Researchers have discovered a way to trigger artificial photosynthesis, which would help turn greenhouse gases such as carbon dioxide into clean air and produce energy at the same time.
How does it work?
The team of researchers found a way to set off a chemical reaction in a synthetic material called metal-organic frameworks(MOF), which breaks down carbon dioxide into harmless organic materials.
Similarity to photosynthesis
Although the process is similar to photosynthesis in which plants convert carbon dioxide (CO2) and sunlight into food, the difference lies in the fact that the new method produces solar fuel.
The visible range – the violet to red wavelengths – represent the majority of the sun’s rays, however there are only a few materials that pick up these light colours to create the chemical reaction that transforms CO2 into fuel.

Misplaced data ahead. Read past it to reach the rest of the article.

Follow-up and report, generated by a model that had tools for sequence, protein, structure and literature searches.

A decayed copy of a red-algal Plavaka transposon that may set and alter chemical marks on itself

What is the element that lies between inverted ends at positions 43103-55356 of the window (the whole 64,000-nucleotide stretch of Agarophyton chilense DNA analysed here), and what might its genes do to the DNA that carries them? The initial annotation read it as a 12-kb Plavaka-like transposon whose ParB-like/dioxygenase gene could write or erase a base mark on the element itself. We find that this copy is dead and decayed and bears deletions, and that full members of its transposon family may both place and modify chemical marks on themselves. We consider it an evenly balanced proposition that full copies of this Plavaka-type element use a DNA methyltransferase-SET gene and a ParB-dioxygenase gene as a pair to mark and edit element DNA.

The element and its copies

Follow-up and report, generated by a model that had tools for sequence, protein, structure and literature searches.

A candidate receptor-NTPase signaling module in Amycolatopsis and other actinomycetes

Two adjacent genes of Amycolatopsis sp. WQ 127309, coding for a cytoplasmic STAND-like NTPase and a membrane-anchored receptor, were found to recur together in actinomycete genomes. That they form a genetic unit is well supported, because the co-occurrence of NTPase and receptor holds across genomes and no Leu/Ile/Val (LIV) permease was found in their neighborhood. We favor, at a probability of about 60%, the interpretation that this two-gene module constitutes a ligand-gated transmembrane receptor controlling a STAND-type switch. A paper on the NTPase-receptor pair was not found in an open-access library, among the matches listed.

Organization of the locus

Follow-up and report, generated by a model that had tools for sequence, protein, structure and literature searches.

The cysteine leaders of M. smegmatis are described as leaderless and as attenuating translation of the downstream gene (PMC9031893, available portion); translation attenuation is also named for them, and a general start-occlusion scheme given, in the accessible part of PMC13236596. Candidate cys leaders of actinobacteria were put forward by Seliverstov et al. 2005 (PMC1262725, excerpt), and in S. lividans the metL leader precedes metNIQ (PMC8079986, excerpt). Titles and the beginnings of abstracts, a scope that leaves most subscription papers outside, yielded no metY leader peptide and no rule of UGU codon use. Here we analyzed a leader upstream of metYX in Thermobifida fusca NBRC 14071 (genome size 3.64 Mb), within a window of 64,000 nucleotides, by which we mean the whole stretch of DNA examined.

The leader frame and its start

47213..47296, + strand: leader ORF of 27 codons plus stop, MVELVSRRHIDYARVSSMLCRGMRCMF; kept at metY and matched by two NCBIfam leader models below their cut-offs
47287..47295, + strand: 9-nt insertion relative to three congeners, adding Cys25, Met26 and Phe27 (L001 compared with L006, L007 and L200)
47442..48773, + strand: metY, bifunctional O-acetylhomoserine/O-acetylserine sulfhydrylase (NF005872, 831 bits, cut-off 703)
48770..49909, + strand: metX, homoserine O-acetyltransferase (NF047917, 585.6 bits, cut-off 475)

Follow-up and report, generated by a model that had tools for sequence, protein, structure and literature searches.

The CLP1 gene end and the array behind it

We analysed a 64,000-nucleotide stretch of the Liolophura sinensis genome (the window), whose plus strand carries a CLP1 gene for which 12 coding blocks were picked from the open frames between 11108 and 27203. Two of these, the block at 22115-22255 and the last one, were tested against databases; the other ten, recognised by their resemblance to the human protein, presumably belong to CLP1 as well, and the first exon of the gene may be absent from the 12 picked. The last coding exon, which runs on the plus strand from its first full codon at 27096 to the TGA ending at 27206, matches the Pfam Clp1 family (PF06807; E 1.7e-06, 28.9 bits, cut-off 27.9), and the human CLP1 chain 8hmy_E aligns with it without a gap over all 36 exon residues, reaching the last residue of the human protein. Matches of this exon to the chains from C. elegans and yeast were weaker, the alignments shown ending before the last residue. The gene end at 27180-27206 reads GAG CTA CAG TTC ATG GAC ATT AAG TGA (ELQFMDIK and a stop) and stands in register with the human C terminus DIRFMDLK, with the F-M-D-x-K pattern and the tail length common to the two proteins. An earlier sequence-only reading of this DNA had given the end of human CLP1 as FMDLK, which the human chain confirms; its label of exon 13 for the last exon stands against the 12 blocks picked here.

Ultraviolet (UV) rays have enough energy to enable the reaction in common materials such as titanium dioxide, but UVs make up only about 4 per cent of the light that Earth receives from the sun.
Researchers have tried it with a variety of materials, but the ones that can absorb visible light tend to be rare and expensive materials such as platinum, rhenium and iridium that make the process cost-prohibitive.